• Positioning side mirrors about 10 degrees further out than normal. Carjackers know the vehicle’s blind spots and how to attack from the rear without being seen. Use the rearview mirror for seeing directly behind, and side mirrors for seeing further away from the vehicle.
To read more
Why claims are rejected #11

The rights of consumers in South Africa are protected by the Ombudsman for Short-term Insurance, who provides an independent, fair and cheap dispute-resolution service to those contesting decisions made by their insurance company. The latest in our series of why claims might be rejected is not revealing to your broker that your vehicle will be used for business purposes. Non-disclosure might result in a claim being repudiated. Insurers seldom overload the costs of cover in this case so honesty is the best policy.

Scottish shock
Fire damage
Truffle trophy
There must have been an outcry in Scotland when Jim Murray’s Whisky Bible, supposedly the world’s leading whisky authority, voted the Yamazaki Single Malt Sherry Cask 2013, made in Japan, as the best whisky in the world. After researching a staggering
4 700 different whiskies from around the world, Jim Murray, who compiles the Whisky Bible, scored the Yamazaki at 97.5 points out of 100, describing it as “near incredible genius”. Murray accuses the Scottish whisky industry of having “begun to believe their own PR hype” and having “taken their eye off the ball”, ignoring changes “which have altered the face of whisky”.

While on the subject of alcoholic beverages, a possible side effect of the tragic fires that have caused so much destruction of property and tragic death in Cape Town recently, is the potential influence of the fires on future grape crops and the resulting impact on wines produced from these grapes. According to, “The problems lie with the black grapes used to make red wine. Smoke covered pretty much all the vineyards in Constantia and Cape Point at some point, and that smoke can give unwanted flavours to the wine such as burnt toast, smoked fish, ashtray and other unpleasant tastes”.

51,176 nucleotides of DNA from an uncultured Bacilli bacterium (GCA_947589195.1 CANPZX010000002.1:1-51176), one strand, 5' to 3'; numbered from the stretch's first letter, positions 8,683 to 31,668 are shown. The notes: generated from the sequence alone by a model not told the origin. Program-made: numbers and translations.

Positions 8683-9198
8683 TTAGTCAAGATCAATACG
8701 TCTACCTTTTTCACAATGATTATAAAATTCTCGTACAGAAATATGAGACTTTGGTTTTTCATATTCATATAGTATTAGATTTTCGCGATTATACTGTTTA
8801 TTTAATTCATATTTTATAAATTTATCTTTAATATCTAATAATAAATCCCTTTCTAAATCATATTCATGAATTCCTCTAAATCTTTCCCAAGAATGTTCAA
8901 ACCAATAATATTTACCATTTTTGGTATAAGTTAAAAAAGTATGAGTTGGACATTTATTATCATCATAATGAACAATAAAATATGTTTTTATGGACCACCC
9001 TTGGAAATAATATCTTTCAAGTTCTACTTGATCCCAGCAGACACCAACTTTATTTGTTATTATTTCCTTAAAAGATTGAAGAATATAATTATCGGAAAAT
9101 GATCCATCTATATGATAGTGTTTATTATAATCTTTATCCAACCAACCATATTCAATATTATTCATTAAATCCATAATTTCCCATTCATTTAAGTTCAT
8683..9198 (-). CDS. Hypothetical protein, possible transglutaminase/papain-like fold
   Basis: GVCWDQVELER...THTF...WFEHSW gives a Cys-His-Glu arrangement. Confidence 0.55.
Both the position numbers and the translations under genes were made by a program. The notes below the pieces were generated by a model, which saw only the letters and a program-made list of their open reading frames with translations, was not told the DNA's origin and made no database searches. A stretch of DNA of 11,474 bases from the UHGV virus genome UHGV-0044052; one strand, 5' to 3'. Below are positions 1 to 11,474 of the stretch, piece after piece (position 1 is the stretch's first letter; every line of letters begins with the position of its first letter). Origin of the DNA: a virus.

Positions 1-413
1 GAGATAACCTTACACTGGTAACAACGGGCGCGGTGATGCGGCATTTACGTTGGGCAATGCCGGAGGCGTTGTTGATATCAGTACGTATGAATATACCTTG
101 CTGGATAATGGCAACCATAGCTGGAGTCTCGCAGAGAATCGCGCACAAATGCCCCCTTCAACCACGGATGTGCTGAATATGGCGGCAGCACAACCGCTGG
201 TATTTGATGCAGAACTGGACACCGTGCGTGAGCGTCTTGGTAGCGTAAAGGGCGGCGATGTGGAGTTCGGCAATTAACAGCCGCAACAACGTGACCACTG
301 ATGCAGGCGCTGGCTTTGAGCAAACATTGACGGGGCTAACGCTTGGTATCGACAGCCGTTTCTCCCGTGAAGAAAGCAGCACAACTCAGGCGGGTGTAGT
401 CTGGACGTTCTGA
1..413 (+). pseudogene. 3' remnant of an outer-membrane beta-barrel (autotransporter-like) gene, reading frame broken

Truffles are a rare and very costly delicacy, highly prized by connoisseurs across the globe. Gram for gram, truffles are the world’s most expensive food, with a white truffle costing up to $3600 a pound in Europe. Truffle harvests across the world are down this year yet global demand by truffle fans remains high, resulting in this fungi being traded much like an illicit drug or illegal diamonds. Now a valuable black truffle mushroom, the so-called “black diamond” of the truffle industry and the first in South Africa, has been discovered at a farm in KZN, spawning interest in local truffle production.

Double eclipses

On the morning of 20 March 2015, Europeans were able to watch a partial solar eclipse. The ESA Sun-watching Proba-2 mini-satellite, which orbits the earth every 100 minutes, was able to record two examples of the eclipse, as shown here....

Economic Tidbits
Economic Tidbits
Economic Tidbits
• R157 billion – the estimated national health expenditure for this year, a 9% rise on last year.

• R450 000 – insurance premiums for obstetricians and gynaecologists this year. Government faces contingency liabilities of R25 billion for medical malpractice lawsuits, according to the Department of Justice & Constitutional Development.

• R15 billion – what Finance Minister Nhlanhla Nene is hoping to release from the financial surplus of the Unemployment Insurance Fund (UIF). He has suggested temporarily reducing employer and employee contributions to the UIF to do this.

• 11% - the percentage of taxpayers responsible for bringing in 61% of personal taxes according to this report which asks, “Is South Africa heading towards a tax revolt?”

• 200 days – the average time it takes a South African company to realise it has an online security breach as the trend for cyber insurance policies grows.

• R6,5 billion – the cost of Steyn City, insurance magnate Douw Steyn’s huge development in Fourways, Johannesburg. Steyn’s own 3000m² villa is, at R250 million, SA’s most expensive home, edging out Nkandla.